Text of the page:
City examines changing park rules

Changes are in the works for rules at Redmond parks that could see alterations to policies dictating behaviors ranging from smoking to pets.

City Park Planner David Shaw, along with communication department and police representatives, presented a proposed process for redesigning park rules.

The current set of regulations hasn’t been updated since 1994.

“We really need a modern set of rules,” Shaw said.

Since the rules were last updated, the city’s population and number of people using public parks has increased significantly.

According to the U.S. Census Bureau, Redmond had a population of 41,000 in 1994 that has grown to an estimated 59,000 in 2016.

A number of new parks have also been created since the 1990s and more are on their way, such as Downtown Park, which should be open next year.

Shaw said his department is working with the police to figure out the best way to proceed with drafting and implementing updated regulations.

While no specific changes have been proposed, Shaw said they would need to be equitable, applied uniformly, enforceable and sensitive to diverse cultures with a goal of having safe, clean and well-maintained parks.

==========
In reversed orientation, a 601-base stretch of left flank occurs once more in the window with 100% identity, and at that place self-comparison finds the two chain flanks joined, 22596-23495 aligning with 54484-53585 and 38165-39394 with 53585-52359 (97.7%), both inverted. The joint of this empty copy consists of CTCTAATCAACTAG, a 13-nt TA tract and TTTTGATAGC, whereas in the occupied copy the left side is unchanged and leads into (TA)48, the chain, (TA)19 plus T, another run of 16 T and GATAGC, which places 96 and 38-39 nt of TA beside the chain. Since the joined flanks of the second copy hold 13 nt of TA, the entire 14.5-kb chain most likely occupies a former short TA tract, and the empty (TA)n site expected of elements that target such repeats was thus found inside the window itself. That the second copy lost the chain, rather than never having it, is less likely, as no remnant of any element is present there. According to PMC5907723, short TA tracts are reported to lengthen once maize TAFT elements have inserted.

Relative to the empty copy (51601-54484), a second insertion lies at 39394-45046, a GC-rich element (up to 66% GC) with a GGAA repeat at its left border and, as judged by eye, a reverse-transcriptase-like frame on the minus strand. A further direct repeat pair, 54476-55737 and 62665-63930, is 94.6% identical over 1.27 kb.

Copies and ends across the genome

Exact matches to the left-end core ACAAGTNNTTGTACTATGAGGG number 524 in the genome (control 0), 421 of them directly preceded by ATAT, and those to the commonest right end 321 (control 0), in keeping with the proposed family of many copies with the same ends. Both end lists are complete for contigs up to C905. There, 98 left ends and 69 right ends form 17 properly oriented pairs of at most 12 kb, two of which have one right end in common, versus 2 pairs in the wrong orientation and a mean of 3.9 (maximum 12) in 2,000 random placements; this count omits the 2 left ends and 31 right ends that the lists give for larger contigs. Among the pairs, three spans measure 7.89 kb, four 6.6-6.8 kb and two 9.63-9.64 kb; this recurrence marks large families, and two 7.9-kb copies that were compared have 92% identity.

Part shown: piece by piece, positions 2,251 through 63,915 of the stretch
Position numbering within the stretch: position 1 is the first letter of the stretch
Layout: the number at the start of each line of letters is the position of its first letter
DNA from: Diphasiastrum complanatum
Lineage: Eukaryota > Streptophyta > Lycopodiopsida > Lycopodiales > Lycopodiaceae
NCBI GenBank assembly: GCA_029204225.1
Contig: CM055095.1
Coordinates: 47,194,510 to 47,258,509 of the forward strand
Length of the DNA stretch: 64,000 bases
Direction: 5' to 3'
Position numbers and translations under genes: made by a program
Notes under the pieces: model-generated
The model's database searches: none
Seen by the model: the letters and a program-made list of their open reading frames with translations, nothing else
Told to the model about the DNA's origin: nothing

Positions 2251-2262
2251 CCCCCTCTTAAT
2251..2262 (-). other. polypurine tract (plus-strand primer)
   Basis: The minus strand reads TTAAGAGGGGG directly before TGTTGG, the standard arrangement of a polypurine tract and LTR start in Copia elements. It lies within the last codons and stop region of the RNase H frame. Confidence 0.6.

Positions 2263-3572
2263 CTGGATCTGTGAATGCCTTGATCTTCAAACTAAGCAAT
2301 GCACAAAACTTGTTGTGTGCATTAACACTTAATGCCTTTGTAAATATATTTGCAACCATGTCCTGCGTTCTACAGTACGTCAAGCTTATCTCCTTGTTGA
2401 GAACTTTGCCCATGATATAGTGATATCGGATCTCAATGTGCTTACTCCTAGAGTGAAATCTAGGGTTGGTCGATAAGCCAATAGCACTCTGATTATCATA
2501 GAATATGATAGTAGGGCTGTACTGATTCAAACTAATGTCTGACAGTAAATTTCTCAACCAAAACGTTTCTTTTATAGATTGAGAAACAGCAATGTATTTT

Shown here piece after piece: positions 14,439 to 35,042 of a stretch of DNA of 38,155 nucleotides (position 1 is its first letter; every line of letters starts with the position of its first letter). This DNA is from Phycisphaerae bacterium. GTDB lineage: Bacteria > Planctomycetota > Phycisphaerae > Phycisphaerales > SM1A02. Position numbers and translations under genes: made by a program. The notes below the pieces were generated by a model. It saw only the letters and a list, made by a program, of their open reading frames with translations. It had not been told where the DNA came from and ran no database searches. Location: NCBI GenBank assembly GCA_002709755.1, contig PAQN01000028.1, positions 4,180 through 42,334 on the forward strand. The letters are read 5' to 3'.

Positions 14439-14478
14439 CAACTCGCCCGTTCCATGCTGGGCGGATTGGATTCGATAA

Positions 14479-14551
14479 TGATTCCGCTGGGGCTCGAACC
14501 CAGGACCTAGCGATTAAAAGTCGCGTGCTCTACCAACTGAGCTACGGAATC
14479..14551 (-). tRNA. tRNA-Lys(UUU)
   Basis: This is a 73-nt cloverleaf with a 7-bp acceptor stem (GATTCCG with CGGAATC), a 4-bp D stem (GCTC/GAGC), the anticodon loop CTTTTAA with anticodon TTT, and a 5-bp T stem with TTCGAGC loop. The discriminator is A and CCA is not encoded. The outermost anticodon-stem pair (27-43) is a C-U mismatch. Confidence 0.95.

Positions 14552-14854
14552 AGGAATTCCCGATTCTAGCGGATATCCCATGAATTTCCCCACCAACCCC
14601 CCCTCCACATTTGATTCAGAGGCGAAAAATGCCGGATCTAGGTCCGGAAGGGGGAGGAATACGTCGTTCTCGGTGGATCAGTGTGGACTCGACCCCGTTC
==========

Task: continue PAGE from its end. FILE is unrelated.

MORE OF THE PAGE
The city currently owns 46 parks encompassing more than 1,350 acres and more than 36 miles of trails.

Shaw said the rules will be drafted to promote good behavior at parks.

Topics they will be examining include smoking in parks, drone use, electronic bikes, camping, the use of remote controlled modes, hours and dog and pet rules.

Language in the city code will also be updated.

Currently, there are prohibitions against being a “peddler, fakir, mendicant, beggar, strolling musician, organ grinder, exhorter, barker, showman, or bootblacks,” in Redmond park code.

There is also a ban on circuses, carnivals and traveling exhibitions without approval from the city.

Shaw said he hopes to get input from staff, the city council, interest groups and the public before they proceed with drafting the updates.

An information and contact page will be posted on the city’s website in coming weeks, Shaw said.

The city council could vote on a draft in the third quarter of 2017.

Parks have been a reoccurring theme at recent city council meetings. On May 9, a study session was held to discuss raising one-time park development fees paid by developers when a project is completed.

The fees would go toward funding the roughly $50 million budget for park acquisition, design, construction, risk and remodeling through 2030.

Regulations surrounding camping in city parks could also be revised this summer that would direct police not to enforce a ban on sleeping or camping in parks if there are no beds available in local homeless shelters.